As of September 23, 2020, the Foreign Ministry and National
Immigration Administration of China has revised their travel entry
ban to allow foreign nationals who hold residence permits for work,
personal matters, or reunion, to enter China without having to
apply for a new entry visa. Those with residence permits for
work, personal matters, or reunion that have expired after March
28, 2020 will need to obtain a new entry visa from the consulate
that has jurisdiction over their residence.
The Chinese authorities confirmed that holders of valid
residence permits, including for work or family reunion, who are
nationals of certain countries, may apply for the visa without a
letter of invitation (LOI or “PU Letter”). However,
the implementation of this new policy currently varies from
consulate to consulate and should be confirmed before a visa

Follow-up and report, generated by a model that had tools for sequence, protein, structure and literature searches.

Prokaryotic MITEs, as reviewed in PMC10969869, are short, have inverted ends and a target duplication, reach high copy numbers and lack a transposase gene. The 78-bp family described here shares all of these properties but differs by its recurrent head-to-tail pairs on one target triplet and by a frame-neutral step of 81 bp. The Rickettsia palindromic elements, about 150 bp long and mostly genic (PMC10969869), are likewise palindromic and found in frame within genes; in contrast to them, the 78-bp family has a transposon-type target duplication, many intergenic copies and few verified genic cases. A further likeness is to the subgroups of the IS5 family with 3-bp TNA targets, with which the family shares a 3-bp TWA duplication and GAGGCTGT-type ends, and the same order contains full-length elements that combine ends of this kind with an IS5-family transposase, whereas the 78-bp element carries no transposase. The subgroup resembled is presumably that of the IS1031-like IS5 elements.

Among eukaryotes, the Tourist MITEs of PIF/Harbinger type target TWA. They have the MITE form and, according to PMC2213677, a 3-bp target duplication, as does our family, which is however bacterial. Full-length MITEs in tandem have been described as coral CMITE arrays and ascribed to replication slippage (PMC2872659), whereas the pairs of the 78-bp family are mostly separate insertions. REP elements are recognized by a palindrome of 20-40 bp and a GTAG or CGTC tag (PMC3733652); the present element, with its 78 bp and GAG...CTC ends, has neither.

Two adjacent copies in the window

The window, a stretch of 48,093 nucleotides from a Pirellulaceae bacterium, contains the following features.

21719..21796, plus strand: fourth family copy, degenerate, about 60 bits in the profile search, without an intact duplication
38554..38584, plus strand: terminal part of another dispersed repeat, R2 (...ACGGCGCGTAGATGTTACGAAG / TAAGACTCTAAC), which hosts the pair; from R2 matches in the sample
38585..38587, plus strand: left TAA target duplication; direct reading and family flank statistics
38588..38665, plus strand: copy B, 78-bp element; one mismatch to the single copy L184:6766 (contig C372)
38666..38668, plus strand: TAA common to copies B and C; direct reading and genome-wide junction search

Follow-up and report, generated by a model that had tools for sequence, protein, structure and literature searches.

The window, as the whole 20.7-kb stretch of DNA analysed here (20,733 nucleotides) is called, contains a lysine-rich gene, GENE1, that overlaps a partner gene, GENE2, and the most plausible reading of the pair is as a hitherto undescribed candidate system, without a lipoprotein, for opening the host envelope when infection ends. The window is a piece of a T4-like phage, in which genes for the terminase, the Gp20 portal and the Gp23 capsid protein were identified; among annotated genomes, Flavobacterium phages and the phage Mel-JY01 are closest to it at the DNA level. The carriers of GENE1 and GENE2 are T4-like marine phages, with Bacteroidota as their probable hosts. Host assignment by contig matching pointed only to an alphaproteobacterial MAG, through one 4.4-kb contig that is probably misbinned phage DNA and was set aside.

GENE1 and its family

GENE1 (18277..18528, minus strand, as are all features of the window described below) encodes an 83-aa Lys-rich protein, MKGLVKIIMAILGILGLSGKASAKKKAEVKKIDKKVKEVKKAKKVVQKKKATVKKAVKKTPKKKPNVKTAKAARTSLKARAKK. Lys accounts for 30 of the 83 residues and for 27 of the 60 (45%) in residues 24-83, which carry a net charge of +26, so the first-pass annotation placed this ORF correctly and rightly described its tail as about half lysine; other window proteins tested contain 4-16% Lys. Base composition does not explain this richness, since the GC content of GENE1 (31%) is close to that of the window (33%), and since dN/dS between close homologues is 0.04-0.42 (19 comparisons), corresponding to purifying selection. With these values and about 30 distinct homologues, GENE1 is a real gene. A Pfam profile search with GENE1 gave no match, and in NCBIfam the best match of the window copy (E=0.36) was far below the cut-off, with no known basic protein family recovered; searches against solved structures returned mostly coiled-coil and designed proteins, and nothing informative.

application is submitted.
The new policy may apply to residence permit holders who are
nationals of the following countries, applying for visas in these
countries: Albania, Austria, Belgium, Bosnia and Herzegovina,
Bulgaria, Croatia, Cyprus, Czech Republic, Denmark, Estonia,
Finland, France, Germany, Greece, Hungary, Iceland, Ireland, Italy,
Latvia, Lithuania, Luxembourg, Malta, Montenegro, the Netherlands,
North Macedonia, Norway, Poland, Portugal, Romania, Serbia,
Slovakia, Slovenia, Spain, Sweden, Switzerland and the United
Companies in China are allowed to apply for an M visa invitation
letter, with a maximum duration of 180 days, for essential foreign
workers performing necessary and urgent economic, trade, scientific
or technological activities. If the invitation letter is approved
and issued (under limited circumstances), the foreign national can
apply for an M visa at the relevant Chinese consulate.
The content of this article is intended to provide a general
guide to the subject matter. Specialist advice should be sought
about your specific circumstances.